Despite the recent momentum behind marriage equality, LGBT people still have a ways to go to achieve full equality. There are still no explicit nondiscrimination protections for LGBT workers, which means they can be legally fired in more than half the states in the country simply because they are LGBT. The 2 million children being raised by LGBT parents are left economically vulnerable under antiquated laws and family policies, and LGBT youth face burdens of biased school policies, homelessness, and over-criminalization.
All of these issues are compounded for LGBT people of color like myself and are exacerbated for LGBT people living in the South. More than half of the 19 states that have no LGBT-inclusive laws or protections whatsoever are located in the South, including Texas, South Carolina, and Virginia -- states that were covered under the Voting Rights Act preclearance statute, but began moving forward with laws to restrict voting less than 48 hours after the Supreme Court's decision to strike it down.
This stifling of the democratic process will make it more difficult to upend the layers of anti-gay laws on the books in these states and others across the South. Progress will require the election of fresh pro-equality lawmakers who will vote to repeal constitutional amendments banning same-sex marriage, and who will enact laws to protect LGBT people from discrimination in employment and housing. It will require an electorate ready to thwart or support relevant ballot measures as necessary. In short, it will be even more difficult to achieve the full freedom to work or to marry without the unobstructed freedom to vote.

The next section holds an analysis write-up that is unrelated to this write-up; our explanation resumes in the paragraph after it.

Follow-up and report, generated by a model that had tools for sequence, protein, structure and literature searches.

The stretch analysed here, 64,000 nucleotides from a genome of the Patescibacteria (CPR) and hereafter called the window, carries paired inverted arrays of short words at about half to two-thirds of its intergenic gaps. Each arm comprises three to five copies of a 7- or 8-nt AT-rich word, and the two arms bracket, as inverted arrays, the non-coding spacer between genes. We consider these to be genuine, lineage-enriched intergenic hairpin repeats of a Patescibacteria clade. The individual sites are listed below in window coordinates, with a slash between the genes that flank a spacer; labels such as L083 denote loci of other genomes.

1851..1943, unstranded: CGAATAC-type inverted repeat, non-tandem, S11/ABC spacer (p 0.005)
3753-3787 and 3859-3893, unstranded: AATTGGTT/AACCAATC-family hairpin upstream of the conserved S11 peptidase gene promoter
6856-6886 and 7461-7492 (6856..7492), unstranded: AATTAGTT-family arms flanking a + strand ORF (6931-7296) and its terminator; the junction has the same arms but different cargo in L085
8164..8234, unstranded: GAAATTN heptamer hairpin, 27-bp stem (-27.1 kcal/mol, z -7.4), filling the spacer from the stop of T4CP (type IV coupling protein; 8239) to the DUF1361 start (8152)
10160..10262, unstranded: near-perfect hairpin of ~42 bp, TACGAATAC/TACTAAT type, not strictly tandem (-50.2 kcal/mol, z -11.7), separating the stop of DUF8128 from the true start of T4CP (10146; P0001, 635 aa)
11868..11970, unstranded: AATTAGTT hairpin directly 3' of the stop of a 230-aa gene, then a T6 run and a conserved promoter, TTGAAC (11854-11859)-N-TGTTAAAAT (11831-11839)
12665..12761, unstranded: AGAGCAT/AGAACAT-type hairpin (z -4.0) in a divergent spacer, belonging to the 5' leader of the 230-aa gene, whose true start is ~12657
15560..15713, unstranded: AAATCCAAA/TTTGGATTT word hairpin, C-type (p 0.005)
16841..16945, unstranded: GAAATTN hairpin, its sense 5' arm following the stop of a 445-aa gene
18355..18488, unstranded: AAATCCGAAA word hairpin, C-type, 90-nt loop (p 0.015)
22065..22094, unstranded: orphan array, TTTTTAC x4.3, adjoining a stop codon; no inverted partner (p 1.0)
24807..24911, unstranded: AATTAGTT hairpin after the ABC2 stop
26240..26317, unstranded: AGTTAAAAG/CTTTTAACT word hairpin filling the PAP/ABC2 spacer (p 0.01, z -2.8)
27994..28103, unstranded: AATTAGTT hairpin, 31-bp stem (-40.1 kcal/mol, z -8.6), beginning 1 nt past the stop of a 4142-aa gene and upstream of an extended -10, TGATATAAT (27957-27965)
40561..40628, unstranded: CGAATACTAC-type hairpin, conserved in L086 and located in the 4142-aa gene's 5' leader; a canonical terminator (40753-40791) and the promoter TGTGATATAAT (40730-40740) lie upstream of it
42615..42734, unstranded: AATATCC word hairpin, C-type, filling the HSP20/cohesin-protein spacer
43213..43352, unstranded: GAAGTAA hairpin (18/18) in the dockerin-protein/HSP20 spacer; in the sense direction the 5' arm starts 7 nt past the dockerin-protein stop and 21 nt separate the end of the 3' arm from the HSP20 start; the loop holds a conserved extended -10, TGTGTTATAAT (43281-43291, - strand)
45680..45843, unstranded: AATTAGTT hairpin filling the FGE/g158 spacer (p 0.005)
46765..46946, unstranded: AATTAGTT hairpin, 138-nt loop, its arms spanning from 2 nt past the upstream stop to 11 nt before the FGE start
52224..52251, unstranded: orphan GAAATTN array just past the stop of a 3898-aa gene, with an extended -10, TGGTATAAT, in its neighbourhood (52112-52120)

The voter-suppression tactics that were successfully blocked by VRA's preclearance requirement last year were clearly aimed at disenfranchising the "rising American electorate" -- the growing coalition of people of color, millennials, and others voters who are more likely to support progressive candidates and causes in general and LGBT rights in particular.
Recent polls show that a majority of millennial, black, and Hispanic voters now support marriage equality. Other surveys show that African Americans also demonstrate close to unanimous support for basic equal rights for LGBT people and believe it's important to solve the issues of housing and workplace discrimination, bullying, and hate crimes that persist.
And these would-be voters don't just believe in these issues, they show up at the polls to elect candidates who share their values, especially African American voters. During the 2012 presidential election African Americans turned out in enormous numbers, casting a higher percentage of votes than white voters for the first time on record. Ninety-four percent of these votes went to President Obama, with the vast majority going to like-minded lawmakers down-ballot who support LGBT rights. Black voters also helped to usher in marriage equality in Maryland, demonstrating their highest levels of support at the polls to date.